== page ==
The Lovers (1928)

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Modernism: The Lovers (1928) by René Magritte - Love's mystery and anonymity.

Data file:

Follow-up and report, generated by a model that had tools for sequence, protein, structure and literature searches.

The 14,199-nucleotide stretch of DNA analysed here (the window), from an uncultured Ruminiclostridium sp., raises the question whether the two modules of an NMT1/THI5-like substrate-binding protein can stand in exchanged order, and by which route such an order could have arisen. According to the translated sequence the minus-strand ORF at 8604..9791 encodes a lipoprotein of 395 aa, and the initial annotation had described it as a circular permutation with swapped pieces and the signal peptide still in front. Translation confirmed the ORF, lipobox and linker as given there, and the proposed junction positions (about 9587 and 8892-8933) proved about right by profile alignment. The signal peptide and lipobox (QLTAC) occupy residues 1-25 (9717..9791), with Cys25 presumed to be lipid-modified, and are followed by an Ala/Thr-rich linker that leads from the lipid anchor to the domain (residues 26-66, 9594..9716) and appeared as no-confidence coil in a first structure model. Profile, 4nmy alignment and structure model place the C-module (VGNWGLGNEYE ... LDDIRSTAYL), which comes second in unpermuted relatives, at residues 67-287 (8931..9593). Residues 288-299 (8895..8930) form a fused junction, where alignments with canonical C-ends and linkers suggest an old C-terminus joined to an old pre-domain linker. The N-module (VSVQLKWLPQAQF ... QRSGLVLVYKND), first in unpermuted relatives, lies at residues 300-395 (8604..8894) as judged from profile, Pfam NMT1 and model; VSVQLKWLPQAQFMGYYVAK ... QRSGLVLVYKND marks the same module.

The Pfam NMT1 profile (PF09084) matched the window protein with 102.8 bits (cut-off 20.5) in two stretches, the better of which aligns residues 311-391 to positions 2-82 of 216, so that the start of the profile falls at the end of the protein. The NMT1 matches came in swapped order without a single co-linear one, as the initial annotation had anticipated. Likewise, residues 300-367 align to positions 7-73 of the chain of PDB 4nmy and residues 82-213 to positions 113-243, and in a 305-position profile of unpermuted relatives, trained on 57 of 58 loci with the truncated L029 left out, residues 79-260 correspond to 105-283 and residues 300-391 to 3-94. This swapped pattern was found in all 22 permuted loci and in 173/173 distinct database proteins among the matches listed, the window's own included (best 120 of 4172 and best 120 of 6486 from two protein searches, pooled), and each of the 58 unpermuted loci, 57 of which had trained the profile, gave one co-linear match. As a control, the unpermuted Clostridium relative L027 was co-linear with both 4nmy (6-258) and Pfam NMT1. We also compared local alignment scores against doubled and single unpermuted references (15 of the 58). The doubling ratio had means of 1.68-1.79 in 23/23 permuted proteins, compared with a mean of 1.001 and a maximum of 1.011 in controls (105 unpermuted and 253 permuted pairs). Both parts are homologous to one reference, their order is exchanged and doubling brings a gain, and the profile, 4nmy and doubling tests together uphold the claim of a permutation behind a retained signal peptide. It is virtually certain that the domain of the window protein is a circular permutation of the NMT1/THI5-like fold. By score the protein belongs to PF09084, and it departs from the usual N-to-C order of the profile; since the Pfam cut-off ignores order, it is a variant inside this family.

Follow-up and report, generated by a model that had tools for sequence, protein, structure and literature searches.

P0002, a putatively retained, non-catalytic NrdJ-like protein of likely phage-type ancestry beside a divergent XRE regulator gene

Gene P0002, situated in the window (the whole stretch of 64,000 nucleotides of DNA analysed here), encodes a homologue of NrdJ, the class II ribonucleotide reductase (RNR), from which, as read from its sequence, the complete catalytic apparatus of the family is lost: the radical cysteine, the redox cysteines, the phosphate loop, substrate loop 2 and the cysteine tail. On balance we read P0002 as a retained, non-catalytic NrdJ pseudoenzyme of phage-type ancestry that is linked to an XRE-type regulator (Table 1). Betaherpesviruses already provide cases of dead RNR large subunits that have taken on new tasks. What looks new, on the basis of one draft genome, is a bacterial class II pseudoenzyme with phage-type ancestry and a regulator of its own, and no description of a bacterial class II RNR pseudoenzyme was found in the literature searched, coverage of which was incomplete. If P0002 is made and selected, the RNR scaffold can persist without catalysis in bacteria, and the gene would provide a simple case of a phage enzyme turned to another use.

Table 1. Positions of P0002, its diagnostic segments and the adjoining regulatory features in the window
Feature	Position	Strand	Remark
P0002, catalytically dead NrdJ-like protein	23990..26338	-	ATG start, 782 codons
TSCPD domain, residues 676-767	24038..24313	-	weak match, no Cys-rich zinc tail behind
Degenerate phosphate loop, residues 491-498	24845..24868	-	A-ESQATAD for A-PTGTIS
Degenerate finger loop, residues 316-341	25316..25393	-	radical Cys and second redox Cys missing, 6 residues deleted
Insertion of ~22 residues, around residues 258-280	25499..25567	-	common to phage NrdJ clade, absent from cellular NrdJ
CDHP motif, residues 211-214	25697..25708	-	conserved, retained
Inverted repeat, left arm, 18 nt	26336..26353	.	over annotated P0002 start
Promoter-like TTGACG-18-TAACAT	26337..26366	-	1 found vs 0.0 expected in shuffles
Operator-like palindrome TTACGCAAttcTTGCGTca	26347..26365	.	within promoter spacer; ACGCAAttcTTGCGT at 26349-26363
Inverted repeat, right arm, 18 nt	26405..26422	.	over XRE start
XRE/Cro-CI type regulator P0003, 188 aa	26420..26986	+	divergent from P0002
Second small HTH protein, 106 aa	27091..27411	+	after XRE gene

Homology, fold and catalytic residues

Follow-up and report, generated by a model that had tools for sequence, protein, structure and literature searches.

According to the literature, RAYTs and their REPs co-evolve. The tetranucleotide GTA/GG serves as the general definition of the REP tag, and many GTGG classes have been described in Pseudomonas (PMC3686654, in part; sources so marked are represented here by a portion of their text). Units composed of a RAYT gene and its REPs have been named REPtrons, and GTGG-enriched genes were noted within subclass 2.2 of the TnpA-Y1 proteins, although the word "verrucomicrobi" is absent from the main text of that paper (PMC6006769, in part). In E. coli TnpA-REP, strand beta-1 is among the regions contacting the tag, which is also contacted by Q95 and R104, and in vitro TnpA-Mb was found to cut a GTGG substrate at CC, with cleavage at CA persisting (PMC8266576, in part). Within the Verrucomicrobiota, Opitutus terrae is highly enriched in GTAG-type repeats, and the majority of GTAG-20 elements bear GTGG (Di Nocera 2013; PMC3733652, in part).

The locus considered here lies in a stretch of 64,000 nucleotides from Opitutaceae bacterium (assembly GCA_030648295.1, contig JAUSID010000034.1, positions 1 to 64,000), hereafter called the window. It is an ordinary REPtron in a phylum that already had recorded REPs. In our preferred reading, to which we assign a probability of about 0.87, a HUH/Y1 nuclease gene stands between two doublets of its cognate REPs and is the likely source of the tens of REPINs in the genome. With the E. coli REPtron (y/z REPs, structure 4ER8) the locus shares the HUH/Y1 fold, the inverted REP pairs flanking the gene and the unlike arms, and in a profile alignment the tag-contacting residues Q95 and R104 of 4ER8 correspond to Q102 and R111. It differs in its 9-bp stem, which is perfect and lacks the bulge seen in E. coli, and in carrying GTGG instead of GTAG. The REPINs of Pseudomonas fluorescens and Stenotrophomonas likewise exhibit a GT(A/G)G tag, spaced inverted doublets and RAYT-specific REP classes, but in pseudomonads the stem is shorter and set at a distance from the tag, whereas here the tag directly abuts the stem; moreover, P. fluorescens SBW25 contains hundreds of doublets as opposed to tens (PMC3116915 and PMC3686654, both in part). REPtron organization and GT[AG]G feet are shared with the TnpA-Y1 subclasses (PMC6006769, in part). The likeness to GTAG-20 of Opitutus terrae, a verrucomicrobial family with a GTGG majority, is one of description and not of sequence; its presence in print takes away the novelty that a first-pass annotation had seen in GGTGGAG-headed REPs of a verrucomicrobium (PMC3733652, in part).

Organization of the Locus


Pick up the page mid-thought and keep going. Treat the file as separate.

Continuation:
The Lovers II (1928), is an oil on canvas depicting two individuals locked in an embrace. The figures are kissing one another through veils. They are situated in a room with the back wall, side wall and ceiling showing. The back wall is blue-grey with a lighter shade on the bottom half and a darker shade on the top half. The side wall is brick red with it lighter at the bottom blending to a darker shade through to the top. The ceiling is white and has a decorative trim along the border of the red wall, but it does not continue along the border of the blue-grey wall. The male figure wears a black suit and tie with a solid white shirt. He embraces a woman clad in a red, sleeveless garment with white trim. The woman's tanned arm is exposed. The man is in a dominant position relative to the woman. She tilts her head up while he leans down to kiss. Both figures have a whitish veil completely covering their faces and necks. On both figures the veils are tight against the front of the face and top of the head and then relax towards the back. The woman's face is tilted slightly to the left making her lover more prominent and revealing the distinct outline of his nose.

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